Imagine a gas station that can automatically detect when a driver arrives, and the entire process—from selecting fuel types to payment—can be done with just a few taps on the car’s touchscreen display. No cash, credit cards or smartphones necessary.
A Shell station in Beijing is testing out that technology, through a joint venture between Alibaba Group and SAIC Motor Corp, called Banma Network Technology.
Banma said Wednesday it will launch the first “smart gas station” in China’s capital within the first half of this year, and then further expand the model to other Chinese cities.
Leveraging its cloud computing technology, Alibaba’s operating system for IoT devices AliOS uses geo-fencing algorithms to sense when a car pulls into a designated spot alongside the pumps, and automatically triggers the system.
The monitor then lets consumers pick fuel types, select the amount of gas they need, letting them choose to pay via Alipay or their Shell membership accounts. Consumers can even buy snacks and other items from the station’s grocery store, and have the staff bring purchased items to the car.
The new model can cut the average 10-15 minutes spent at gas stations by up to 50%, according to Shell.
Banma CEO Alex Shi said the partnership is seeking a New Retail-driven business model for gas stations that caters specifically to cars that are connected to the internet.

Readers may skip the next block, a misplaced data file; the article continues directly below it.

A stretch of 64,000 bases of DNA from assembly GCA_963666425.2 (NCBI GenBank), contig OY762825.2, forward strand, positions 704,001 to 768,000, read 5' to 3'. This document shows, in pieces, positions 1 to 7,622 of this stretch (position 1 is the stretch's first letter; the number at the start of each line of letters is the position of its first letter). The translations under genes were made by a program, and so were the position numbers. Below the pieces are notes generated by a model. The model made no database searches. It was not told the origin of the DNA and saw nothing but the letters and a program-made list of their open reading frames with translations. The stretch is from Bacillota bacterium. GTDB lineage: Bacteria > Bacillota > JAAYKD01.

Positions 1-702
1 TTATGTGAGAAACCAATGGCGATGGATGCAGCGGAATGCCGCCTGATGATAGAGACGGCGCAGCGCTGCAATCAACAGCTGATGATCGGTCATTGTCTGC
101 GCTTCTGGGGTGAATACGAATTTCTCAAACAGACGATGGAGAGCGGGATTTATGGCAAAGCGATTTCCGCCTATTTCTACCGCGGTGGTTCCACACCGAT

“We want to realize the promise of connected cars to enable the entire car and travel industry. And through our collaboration with Shell China, we want to empower the energy sector—delivering exceptional commuter experiences to car owners and substantially improve work efficiency for gas stations,” said Shi.
“The most important part of a journey—even more important than the destination itself—is how one reaches the destination. This is why we have strived to satisfy Chinese customers’ desires for quality travel experiences,” said Rebecca Chan, vice president of retail at Shell China.
The collaboration is Shell’s latest move in the “innovation of cutting-edge digital experiences,” said Chan. “We hope secure, accessible Internet of Things technology, paired with Shell stations’ quality products and services, can bring customers delightful experiences and inspire them to keep exploring and discovering new everyday journeys.”
Plans to include more customized services are in the works, based on analytics on consumer preferences and each gas station’s product offerings, the oil company said. Also, in the near future, members of Shell’s loyalty program who own an internet car powered by the latest version of AliOS will be able to complete the entire process in one click.
Alibaba unveiled its first internet car aimed at expanding IoT to the automotive sector in 2016. Today, close to 400,000 internet cars being driven in China are powered by AliOS. Shell owns more than 43,000 fuel stations in over 80 countries and regions, with about 1,300 stations in the Greater China Region, overseeing the biggest international station network in China.